Louis Koo: I’m very honored and just want to thank the NYAFF for this award. But I also want to say that really, I feel like I’m representing Hong Kong and this industry because the industry gave so much to me. I feel that whatever I and my company does, our efforts also are to bring that back to that community. Thank you for that recognition.

Q: During the pandemic, you were very generous, and you donated to help the Hong Kong film industry. However, it was a very difficult pandemic. Did you feel that you were kind of in your own element? It is like you are standing alone with your hand holding an entire huge wave overtaking you. 

Louis Koo: Regarding questions as to what this has to do with the pandemic, I am currently, and was during the pandemic, the president of the Hong Kong Performing Artists Guild and the president of the Federation of Hong Kong Filmmakers. So in many ways, I want to tell you that it’s a huge responsibility so I feel that I have to give back. The thing is, remember this pandemic went on for a long time, and it’s not just about helping actors.

It’s many, many people who are working behind the scenes in the film industry, and we wanted to make sure that they were able to survive. Also, on top of that, if there wasn’t any help, a lot of people would have, in order to survive, left the industry and done something else; they would never return to the film industry. So that was really a way to try and keep them as well as they can be.

Q: Being a member of the academy, as in the Academy of Motion Pictures, do you want to bring more of Hollywood into Hong Kong or more Hong Kong into Hollywood?

Louis Koo: I feel that now that I’m a member of the Academy, there’s something I want to remind you about — that I’m also the founder of One Cool Group Studios. There’s a sense of wanting to, and a commitment to develop new genres. Also, it’s not just about Hong Kong, it’s global. I think globally and just want to, in many ways, create new directions and make sure that these directions in film will actually attract [audiences].

Q: The choice of the story of an ambulance has to do with the pandemic. Clearly, since the pandemic made us focus very much on people who were involved in the medical team, what attracted you, Mr. Koo, to play the role of an ambulance man?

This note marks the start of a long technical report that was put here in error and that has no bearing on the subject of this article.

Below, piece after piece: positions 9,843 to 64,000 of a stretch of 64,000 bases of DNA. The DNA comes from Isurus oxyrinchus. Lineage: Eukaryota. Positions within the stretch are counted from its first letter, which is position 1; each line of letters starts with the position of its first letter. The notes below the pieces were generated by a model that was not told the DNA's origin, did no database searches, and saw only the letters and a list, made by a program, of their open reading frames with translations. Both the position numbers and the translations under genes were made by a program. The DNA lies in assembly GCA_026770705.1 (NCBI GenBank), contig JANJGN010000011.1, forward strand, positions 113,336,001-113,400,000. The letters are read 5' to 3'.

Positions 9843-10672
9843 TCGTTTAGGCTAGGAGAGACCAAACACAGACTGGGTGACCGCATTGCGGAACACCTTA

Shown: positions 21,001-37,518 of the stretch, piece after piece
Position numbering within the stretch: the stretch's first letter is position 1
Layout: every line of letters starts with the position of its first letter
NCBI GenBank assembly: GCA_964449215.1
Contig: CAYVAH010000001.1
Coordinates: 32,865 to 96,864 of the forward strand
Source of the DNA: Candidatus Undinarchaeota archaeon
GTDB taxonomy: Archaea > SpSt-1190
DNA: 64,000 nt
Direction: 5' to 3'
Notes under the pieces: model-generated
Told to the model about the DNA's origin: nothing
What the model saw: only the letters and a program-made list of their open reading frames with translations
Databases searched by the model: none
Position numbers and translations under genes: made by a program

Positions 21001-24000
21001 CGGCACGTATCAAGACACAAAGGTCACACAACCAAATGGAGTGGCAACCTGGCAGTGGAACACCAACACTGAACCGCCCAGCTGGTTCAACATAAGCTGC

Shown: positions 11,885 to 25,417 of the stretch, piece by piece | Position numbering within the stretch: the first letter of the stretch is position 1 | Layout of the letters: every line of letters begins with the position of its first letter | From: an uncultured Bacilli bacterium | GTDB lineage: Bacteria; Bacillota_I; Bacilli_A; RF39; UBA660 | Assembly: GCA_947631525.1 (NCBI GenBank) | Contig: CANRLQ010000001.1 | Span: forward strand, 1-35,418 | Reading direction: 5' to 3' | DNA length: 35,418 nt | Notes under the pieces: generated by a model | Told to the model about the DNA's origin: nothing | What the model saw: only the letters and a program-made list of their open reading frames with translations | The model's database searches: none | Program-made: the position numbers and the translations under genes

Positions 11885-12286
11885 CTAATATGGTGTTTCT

Louis Koo: I was attracted to the character because I didn’t think there’s been an ambulance man story filmed in Hong Kong. So this is rare. I was curious and interested in that — remember, the job of an ambulance man is to save lives. However, that’s only the job. You can imagine the pressure and everything around it. But the thing behind the job is still the man.

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And the thing that is you see in this story, the life choices and pressures of what he has to deal with as a father and family person. All of that is what I wanted to bring out in this film.

Q: What’s the primary message you want to send an audience after they’ve seen the film?

Louis Koo: The story is about a man who saves lives. That’s very simple but the thing is that you can see there’s always the pressure of life and death. There’s always the fear and anxiety that’s related to the world.

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In the end, when you talk about this film and the role that I play, it’s [about] a man and whether he could save himself. For example, the physical ailment is bankrupt and so there’s a lot of physical and mental anguish in the end because of what happened with the pandemic. I think now we all have to face the question of how do we save ourselves and the people around us — our friends, careers, the economy, the world — these are very, very big questions.